TULSA, Okla. (AP) _ Not a single case of anthrax has been reported in Oklahoma, but the fear has surely arrived.
It came in a threatening letter to the attorney general's office _ and in a box of Ding Dongs sent to health officials for testing. It closed a Wal-Mart when powder fell from a stack of magazines. It drove a police chief 265 miles, sirens screaming, for help dealing with what he now suspects was powdered sugar.
Fears that terrorism has touched things as ordinary as $5 bills or a quart of blueberries has left health and law officials scrambling almost daily.
``You have to treat each one of them like the real thing,'' said Oklahoma Highway Patrol Capt. Mike Grimes. ``The reality of it is we know so far we haven't found any material in the state of Oklahoma.''
No one faults the public for being jittery. There have been 13 cases of anthrax nationwide, including four deaths.
The Oklahoma State Health Department's Oklahoma City lab has been swamped, conducting tests on nearly 400 samples in recent weeks. But ``less than a handful'' of those samples stemmed from hoaxes involving threats, said FBI spokesman Gary Johnson.
Ordinary powders and dirt have become suspect, said Dr. Robert Petrone, the Health Department's bioterrorism preparedness and response coordinator. Some of the submissions, like the cupcakes and blueberries, are baffling.
``Sometimes it's difficult to discern what triggered the initial concern,'' he said. ``Sometimes you look at a letter and envelope and see nothing.''
But the lab tests everything, first putting the suspect item under a microscope to look for the presence of bacteria or spores. Any such biological material is then germinated, which in the case of anthrax takes only 30 minutes.
The germinated material is then tested specifically for the presence of anthrax, Petrone said.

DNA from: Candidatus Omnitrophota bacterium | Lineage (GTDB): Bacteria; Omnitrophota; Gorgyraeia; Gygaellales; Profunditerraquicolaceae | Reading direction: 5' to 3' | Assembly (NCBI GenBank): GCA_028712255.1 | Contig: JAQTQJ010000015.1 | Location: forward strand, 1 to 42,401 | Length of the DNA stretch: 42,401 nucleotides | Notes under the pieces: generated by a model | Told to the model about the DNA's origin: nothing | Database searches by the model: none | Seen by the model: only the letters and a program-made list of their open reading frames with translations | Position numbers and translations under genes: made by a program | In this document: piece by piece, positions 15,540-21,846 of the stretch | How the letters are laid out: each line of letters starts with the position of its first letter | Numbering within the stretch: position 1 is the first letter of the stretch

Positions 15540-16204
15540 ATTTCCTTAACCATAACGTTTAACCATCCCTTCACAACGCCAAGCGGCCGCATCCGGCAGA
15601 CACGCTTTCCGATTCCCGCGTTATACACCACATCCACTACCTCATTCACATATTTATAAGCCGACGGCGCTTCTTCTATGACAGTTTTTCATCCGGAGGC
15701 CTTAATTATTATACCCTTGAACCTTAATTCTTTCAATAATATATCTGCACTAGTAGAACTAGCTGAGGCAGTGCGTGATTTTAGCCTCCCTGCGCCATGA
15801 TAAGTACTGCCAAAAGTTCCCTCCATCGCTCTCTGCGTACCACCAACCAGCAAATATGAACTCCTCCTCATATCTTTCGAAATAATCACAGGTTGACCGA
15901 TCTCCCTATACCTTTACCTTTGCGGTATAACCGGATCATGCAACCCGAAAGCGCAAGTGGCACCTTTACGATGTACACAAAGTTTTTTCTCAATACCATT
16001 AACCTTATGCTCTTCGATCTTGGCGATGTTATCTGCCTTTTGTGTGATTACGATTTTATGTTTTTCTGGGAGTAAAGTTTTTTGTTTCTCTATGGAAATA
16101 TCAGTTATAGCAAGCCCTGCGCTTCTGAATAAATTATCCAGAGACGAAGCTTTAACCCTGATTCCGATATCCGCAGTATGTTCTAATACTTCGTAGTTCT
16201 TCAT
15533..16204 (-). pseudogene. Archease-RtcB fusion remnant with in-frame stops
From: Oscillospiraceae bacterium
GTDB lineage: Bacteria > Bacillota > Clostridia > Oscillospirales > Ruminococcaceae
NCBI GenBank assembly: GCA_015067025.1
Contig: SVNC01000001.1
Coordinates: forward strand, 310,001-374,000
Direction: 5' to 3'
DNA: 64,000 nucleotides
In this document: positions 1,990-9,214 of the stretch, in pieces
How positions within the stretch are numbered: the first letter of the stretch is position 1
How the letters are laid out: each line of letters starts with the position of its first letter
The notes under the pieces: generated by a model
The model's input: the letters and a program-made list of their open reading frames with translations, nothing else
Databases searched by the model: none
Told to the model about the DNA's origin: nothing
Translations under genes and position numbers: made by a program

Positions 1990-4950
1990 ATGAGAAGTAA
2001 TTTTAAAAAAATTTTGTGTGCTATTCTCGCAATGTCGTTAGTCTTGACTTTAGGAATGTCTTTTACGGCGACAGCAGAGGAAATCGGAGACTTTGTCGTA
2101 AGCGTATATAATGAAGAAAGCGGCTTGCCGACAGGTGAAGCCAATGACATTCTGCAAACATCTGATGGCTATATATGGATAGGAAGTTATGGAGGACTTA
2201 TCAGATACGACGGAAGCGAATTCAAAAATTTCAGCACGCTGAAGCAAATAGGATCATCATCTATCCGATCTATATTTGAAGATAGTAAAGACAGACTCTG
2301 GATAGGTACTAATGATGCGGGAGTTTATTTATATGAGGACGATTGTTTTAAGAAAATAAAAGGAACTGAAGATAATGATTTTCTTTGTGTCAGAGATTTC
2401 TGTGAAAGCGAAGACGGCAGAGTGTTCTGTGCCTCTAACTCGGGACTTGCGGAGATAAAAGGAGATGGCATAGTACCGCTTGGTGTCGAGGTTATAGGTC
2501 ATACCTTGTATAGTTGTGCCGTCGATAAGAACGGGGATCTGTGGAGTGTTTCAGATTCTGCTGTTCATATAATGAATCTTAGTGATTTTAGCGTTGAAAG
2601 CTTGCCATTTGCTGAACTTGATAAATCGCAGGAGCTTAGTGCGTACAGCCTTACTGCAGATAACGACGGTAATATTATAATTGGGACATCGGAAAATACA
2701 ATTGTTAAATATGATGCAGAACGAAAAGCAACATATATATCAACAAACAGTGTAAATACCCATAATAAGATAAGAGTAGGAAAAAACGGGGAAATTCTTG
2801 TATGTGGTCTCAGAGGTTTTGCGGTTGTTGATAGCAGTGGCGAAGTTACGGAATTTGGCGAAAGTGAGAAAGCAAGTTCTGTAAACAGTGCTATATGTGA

Health officials also attempt to grow cultures from any suspect substance brought to the lab. They take a reading after 24 hours. The samples are held for 72 hours.
Guymon Police Chief Harold Tyson knew within a couple of hours Wednesday that the powdery envelope he sped from the Panhandle to Oklahoma City did not contain anthrax. But the scare had already gripped his community for hours.
A postal employee discovered the powder-filled envelope in a mailbox. Another woman's mail had come in contact with the envelope, leading police to shut down a bank and a newspaper office she had visited.
As Tyson rushed to Oklahoma City, firefighters were decontaminating clothing, the postal worker worried she had anthrax and Tyson's daughter was in tears, he said. The ordeal kept him from his post for 24 hours.
``Every time we get something like this we have to treat it as a real deal until the lab says it's not,'' Tyson said. ``What if it is the real deal?''
The FBI declined to say how many hoaxes have taken place, but the tricksters can face both state and federal prosecution.
``We will investigate and prosecute anyone involved with sending a hoax anthrax package or letter,'' Johnson said. ``Thus far, we have had very few cases in Oklahoma that were hoaxes.''
The Tulsa Fire Department's Hazardous Materials Unit has seen its calls double to about 12 per day since the first anthrax scare on Oct. 11 at St. John Medical Center, said Capt. Hubert Rouse.
``We've gotten a little more educated and familiar with what we're trying to look for and in some cases we've been trying to eliminate runs,'' he said.
The scares have touched both rural and urban communities. Grimes said the Highway Patrol has helped out some small town police forces dealing with scares.
``Let's say they've got a one- or two-man police department,'' he said. ``It ties them up and keeps them from other calls.''
Law officers urge the public to remain cautious. The state set up a hot line to answer questions about anthrax, smallpox and mail-handling precautions.
But Petrone said the public's concerns, while understandable, have been disproportionate to the actual risk. Oklahomans should simply throw away items they consider suspicious but not necessarily threatening, he said.
``We would hope once the public gains more experience they can learn more about what really needs to be tested,'' he said.
The Guymon police chief said he's been reading up on what constitutes a real threat. When a woman called asking what to do with a case of beer that was grainy and salty, Tyson had an answer.
``I told her to take it back to the store and get another case,'' he said.